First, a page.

21st August 1821
I ought before now to have thanked you My Good Friend for the very acceptable present of the two first nos of Your Indian Library
They were given to me by Campbell in the Spring in the midst of the bustle of a very laborious Session of Parliament & I was desirous of reading them in the Quiet of the Country before I thanked you for so obliging a mark of your remembrance.
I have now read them with great pleasure
Your Remarks together with Mr Boppʼs Comparison of the Sanscrit with Greek & Teutonic leave me no doubt of the truth of an Opinion which I had long entertained that these three ancient & extensive languages flow from the same source. As the Zend & Pali are Sisters of the Sanscrit it appears that at some Period prior to our history the same language must have spread from the Sea of China to the Euphrates & extended in Wesxx Western Countries across Asia with uncertain interruptions into Europe where it prevailed from Pelopponesus to Scandinavia. – It is now spread by European Colonies from Cape Horn to Hudsonʼs Bay & may almost  be considered as the general Speech of Mankind from which other Languages are only exceptions.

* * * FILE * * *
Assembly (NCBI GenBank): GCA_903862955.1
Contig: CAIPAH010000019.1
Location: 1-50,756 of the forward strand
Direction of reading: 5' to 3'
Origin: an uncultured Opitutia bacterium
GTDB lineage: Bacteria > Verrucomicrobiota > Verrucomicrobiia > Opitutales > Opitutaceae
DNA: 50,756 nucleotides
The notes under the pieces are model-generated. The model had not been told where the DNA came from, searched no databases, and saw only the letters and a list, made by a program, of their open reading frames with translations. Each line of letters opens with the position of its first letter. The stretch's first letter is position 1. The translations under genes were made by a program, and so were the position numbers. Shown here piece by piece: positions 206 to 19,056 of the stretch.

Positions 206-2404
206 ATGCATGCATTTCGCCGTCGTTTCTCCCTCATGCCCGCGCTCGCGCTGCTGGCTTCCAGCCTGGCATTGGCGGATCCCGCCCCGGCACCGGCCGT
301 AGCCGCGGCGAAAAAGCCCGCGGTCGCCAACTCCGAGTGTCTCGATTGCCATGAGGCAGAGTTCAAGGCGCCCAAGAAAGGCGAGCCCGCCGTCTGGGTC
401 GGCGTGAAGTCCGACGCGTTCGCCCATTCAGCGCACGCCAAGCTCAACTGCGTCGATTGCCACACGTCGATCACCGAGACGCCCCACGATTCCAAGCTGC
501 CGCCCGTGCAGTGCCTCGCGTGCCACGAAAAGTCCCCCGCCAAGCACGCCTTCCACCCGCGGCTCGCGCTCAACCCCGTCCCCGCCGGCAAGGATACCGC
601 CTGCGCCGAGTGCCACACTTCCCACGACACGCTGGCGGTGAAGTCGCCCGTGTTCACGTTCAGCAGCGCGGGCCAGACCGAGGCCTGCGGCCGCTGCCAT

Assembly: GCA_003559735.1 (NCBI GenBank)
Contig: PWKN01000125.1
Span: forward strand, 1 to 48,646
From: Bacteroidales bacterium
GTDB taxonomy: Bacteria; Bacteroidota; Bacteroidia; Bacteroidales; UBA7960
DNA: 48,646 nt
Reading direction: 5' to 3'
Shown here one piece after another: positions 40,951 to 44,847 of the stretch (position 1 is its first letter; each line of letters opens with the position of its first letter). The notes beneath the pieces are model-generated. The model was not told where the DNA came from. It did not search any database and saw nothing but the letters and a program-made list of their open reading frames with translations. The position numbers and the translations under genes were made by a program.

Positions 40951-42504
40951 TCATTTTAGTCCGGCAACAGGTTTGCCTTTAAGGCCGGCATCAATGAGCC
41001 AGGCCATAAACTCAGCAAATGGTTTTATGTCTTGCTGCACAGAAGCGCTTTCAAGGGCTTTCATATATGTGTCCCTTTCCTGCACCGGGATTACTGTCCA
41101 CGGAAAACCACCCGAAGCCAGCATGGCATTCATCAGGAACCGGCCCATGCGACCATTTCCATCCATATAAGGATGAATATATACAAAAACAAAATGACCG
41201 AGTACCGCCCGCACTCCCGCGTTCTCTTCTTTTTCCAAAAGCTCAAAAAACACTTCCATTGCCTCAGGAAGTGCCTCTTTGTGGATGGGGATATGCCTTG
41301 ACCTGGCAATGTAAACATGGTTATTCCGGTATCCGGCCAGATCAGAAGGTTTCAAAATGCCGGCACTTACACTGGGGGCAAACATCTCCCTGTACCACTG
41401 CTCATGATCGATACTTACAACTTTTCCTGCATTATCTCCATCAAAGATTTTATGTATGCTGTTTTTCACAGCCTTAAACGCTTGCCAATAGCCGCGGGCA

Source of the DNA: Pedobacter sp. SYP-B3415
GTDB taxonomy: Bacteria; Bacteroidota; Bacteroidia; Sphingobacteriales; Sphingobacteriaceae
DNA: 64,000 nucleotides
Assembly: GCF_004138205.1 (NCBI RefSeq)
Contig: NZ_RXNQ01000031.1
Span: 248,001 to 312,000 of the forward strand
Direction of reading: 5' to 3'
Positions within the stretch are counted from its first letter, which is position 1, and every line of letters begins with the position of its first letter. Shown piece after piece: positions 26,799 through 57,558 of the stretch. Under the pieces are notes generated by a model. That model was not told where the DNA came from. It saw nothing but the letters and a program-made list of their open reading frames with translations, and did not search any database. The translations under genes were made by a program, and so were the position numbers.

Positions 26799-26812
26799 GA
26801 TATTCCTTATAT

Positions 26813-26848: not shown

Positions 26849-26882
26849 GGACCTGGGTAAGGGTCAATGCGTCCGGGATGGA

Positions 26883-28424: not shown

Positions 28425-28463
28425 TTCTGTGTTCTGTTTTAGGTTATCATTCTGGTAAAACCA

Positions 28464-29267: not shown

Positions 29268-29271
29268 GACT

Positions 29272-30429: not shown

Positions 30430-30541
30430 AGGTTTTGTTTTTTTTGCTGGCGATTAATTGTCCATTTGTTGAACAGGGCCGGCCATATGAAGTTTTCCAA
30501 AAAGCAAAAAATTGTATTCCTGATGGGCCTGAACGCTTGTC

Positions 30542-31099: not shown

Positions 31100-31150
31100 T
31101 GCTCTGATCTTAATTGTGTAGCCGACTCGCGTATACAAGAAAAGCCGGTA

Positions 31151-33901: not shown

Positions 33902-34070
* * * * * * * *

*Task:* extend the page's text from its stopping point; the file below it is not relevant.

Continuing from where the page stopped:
Wilsonʼs Dictionary of Sanscrit is now for Sale at Black & Parrys. I have a Copy of Wilkinʼs Sanscrit Roots at your Service whenever you tell me how to send it to you
I xxx always procure you either the Sanscrit Publications you desire or Information where they are to be had. I shall consider your Commands on this Subject as a Proof that you still think me worthy of a Place in your Friendship.
In return I should be glad to receive from you  a No of Jahrbuch d. Preuss. Rhein Universität, & the number of the Heidelberg Review which contain your Review of Niebuhr – What is now the German Review which gives the best Account of the current literature of the late holy Roman Empire.
The application of yourself & your Brother to Indian Learning will be an Epoch in that branch of Knowledge. You bring to it that acquaintance with other languages, with comparative Grammar, & with the general Principles of Philology, which our Anglo Indians cannot possess.
Let me hear from you – & let your letter be addressed as above
I have never seen your Essay on Provençal Literature.